Jan 23, 2023

AI21 Labs Proposes A New Method Called ‘In-Context RALM’ That Can Add Ready-Made External Knowledge Sources To The Existing Language Model

Posted by in category: robotics/AI

With recent developments in language modeling (LM) research, machine-generated text applications have spread to a number of previously untapped domains. However, a significant issue remains that LM-generated text frequently contains factual errors or inconsistencies. This problem usually arises in any LM generation scenario, but it is particularly problematic when generation is performed in uncommon domains or when it requires up-to-date information that the LM was not trained on.

Retrieval-Augmented Language Modeling (RALM) methods, which display the LM pertinent documents from a grounded corpus during generation, offer a possible solution to this problem. Current RALM strategies concentrate on changing the LM architecture to include external data. However, this approach often makes deployment significantly complex. Working on this problem statement, AI21 Labs, an organization that develops artificial intelligence systems, introduced an alternative strategy called In-Context Retrieval-Augmented Language Modeling (In-Context RALM), which can supplement an existing language model with ready-made external information sources. The necessary files are added as input into the language model, which keeps the underlying LM architecture unaffected. The team published their findings in a research paper titled “In-Context Retrieval-Augmented Language Models.”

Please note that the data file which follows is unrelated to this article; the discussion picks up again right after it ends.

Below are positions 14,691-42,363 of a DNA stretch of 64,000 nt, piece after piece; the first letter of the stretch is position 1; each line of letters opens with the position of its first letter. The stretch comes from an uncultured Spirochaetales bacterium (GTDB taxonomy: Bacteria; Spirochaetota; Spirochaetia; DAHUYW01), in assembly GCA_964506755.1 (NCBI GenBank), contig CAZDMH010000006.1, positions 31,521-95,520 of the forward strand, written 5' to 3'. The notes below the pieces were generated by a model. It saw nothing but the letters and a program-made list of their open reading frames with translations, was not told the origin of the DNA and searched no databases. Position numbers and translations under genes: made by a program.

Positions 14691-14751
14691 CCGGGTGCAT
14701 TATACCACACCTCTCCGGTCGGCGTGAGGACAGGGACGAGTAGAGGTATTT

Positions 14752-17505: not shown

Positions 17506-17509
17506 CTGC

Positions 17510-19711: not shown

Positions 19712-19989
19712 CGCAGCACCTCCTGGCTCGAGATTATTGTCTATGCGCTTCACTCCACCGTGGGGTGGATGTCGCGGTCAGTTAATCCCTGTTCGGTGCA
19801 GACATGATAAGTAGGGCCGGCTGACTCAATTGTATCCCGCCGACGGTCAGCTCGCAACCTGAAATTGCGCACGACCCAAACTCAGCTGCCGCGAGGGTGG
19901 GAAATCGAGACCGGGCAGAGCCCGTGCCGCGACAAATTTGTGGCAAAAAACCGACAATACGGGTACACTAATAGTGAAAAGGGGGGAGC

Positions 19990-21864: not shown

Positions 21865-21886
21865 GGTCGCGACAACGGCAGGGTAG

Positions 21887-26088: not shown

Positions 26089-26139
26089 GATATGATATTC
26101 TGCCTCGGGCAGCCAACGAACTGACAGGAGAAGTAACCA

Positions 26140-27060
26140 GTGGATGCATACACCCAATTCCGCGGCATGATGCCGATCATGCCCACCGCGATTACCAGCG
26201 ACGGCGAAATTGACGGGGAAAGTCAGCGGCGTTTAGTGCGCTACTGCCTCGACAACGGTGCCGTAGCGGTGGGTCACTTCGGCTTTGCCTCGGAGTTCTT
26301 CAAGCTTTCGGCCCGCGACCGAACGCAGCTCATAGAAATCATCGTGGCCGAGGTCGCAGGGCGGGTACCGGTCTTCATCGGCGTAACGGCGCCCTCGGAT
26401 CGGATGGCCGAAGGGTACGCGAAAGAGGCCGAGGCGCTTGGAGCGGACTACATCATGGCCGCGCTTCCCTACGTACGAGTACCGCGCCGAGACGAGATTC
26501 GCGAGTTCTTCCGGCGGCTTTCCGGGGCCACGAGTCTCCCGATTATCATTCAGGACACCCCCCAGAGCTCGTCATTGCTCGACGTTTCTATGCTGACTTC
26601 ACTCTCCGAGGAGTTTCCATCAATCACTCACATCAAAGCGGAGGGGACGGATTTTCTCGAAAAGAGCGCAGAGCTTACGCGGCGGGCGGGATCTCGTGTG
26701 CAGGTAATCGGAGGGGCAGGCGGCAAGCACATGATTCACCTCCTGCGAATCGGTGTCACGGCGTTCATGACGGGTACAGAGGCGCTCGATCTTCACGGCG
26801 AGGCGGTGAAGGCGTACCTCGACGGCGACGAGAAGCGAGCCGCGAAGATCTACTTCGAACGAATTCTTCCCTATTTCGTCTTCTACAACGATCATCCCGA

In the same publication, AI21 Labs also unveiled Wordtune Spices, an addition to their Wordtune text editor. Wordtune Spices is an artificial intelligence robot that helps authors swiftly generate text and create content, thereby accelerating the pace of the composition of academic papers, theses, and creative documents. Spices’ main principle is based on the In-context RALM technique. Users of Spices have access to 12 prompt alternatives, including explications, definitions, and even jokes. Users can select the prompt that best supports their use case and receive a string of supplemental sentences to bolster their case and provide further details.

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